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The root, branch, leaf and fruit of pair programming (part 2)

In the previous article, we established the foundations of pair programming. Let’s now focus on the “leaf and fruit” of pair programming.



4. The leaf of pair programming


What’s the most visually striking part of a tree? Its leaves. Perception is also a core aspect of pair programming, where the leaves represent respect, listening and focus.



Pair programming is a social way of continuous communication and exchange, so respect is the cornerstone of smooth work and good work relationships. Being mindful of each other’s self esteem is critical, as damaged self-esteem can take years to recover from and can encompass other people. Helping people build up their self-esteem can be a very useful skill. Here are some tips. With  a distributed team like ours where everyone is pairing remotely, it’s best to inform your pair when you need to take a bathroom break. When he/she comes back, you can synchronize his completed tasks and the status quo for himself. After choosing which problems to solve in pairs, everyone needs to divide and complete the task together, rather than let their partners go at it alone.



Being good at listening and expressing yourself is a key aspect of communication. It’s the only way to know someone else’s intentions. Their feedback can also help you get a sense of whether your current implementation is correct, so you can think of appropriate ways to deal with pair programming problems. Additionally, listening carefully to what others show your respect for them, and earns you their respect. Everyone can maintain a humble, open and studious mindset, accept each other's different habits and methods, helping team collaboration and growth.



During pair programming, it's best to focus on just one task instead of frequently switching. This ensures that you can always focus on a single task and avoid the wear and tear of  switching. We found that using Jira’s task checklist increases morale and everyone's sense of accomplishment.


Even if we follow the principles of respect, listen and focus, problems can still arise.


  1. If your friends are not engaged enough, you need to communicate in a timely manner. The navigator should put forward his views and opinions in real time, and point out possible problems.


  2. If the pair’s ideas aren’t unified and the pair reaches a stalemate, just stop pairing. Everyone can consider separating for a while, calm down, and use runnable codes and solutions to prove the feasibility of their ideas. Here you can consider using only rough code.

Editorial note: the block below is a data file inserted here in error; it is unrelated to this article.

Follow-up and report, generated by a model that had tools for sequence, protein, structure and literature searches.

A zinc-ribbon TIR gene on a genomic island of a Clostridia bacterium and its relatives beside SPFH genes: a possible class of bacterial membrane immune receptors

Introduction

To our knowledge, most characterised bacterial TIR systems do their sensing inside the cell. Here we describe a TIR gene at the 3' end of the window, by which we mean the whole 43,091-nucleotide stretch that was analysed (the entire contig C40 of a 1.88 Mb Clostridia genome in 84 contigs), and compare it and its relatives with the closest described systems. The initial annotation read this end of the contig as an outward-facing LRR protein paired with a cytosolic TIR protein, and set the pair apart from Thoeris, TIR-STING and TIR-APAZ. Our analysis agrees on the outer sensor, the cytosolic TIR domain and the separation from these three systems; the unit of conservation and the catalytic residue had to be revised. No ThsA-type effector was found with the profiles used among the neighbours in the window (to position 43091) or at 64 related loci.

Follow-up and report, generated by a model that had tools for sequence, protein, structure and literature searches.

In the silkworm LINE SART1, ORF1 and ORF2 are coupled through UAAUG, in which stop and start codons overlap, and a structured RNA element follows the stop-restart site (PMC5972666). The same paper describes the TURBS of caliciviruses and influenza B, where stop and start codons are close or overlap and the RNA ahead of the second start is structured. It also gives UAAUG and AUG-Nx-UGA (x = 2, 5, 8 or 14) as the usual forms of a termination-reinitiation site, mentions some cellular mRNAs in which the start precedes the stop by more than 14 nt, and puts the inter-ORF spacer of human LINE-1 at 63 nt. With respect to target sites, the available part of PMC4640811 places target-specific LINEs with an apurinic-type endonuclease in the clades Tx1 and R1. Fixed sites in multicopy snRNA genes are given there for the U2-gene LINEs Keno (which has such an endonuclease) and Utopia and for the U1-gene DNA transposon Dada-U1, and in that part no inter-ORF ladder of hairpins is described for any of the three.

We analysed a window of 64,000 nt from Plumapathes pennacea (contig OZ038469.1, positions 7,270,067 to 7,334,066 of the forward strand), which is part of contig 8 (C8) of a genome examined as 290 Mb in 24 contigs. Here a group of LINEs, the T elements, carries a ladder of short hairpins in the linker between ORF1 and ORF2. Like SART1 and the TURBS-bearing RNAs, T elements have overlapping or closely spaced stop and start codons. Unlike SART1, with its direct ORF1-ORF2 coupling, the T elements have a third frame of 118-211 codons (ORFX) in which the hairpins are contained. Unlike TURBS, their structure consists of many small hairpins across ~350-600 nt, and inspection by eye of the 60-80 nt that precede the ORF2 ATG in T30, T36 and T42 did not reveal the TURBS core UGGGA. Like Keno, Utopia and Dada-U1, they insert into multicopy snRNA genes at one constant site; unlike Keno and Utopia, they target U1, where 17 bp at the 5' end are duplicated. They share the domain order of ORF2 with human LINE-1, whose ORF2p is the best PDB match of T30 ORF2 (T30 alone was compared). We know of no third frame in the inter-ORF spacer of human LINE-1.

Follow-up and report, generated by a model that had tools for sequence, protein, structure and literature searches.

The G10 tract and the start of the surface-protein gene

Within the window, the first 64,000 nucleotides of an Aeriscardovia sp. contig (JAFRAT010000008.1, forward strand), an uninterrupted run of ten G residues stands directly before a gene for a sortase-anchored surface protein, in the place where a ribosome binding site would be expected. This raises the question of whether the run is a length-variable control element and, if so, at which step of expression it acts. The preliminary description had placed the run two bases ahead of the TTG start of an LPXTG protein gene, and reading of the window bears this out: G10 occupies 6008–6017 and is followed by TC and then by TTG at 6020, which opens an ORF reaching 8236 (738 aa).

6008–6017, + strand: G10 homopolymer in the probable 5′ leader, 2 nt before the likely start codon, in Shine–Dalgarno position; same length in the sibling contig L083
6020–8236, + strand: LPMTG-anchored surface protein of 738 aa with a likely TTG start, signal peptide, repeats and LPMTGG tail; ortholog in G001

3. When pairing is too long and everyone gets tired, just stop pairing. Human concentration is limited, and pairing is tiring, especially when there’s a large gap in ability. At this time, we can try each pairing for a period of time, take a break, and let each other relax.


  4. Please stop pairing when your partner has other affairs to deal with. If you need to answer the phone or watch other web pages that aren’t related to pairing, please obtain the consent of the other party, otherwise, stop pairing and resume once you’re done.


  5. When members of the team are on multiple tasks or projects, please stop pairing. When you frequently have to deal with things unrelated to pairing, it could make your coworkers feel bad, and you’ll need to frequently pull yourself back in the right mindset. If you really want to pair, make sure that the multitasking colleague can guarantee a longer time commitment, preferably until the completion of this user story card.

5. The fruit of pair programming


In the end, what is the fruit of pair programming?


After joining Thoughtworks my understanding of business and systems improved, and I quickly grasped new contexts through pair programming. Improving myself improved the team’s ability as well. At the same time, I learned that a Thoughtworker's way of doing things includes perfecting shortcut keys, the ultimate pursuit of code, design, and problem-solving ideas. This kind of master-apprentice-style learning is the fastest way to learn new skills.


Pairing is a gradual process of mutual learning. It promotes team collaboration while making it possible to collectively own the code. It also reduces the project team's dependence on certain members. Pairing and pair rotation promotes understanding of team collaboration and strengthens team cohesion and therefore the overall effectiveness of the team.

Disclaimer: The statements and opinions expressed in this article are those of the author(s) and do not necessarily reflect the positions of Thoughtworks.

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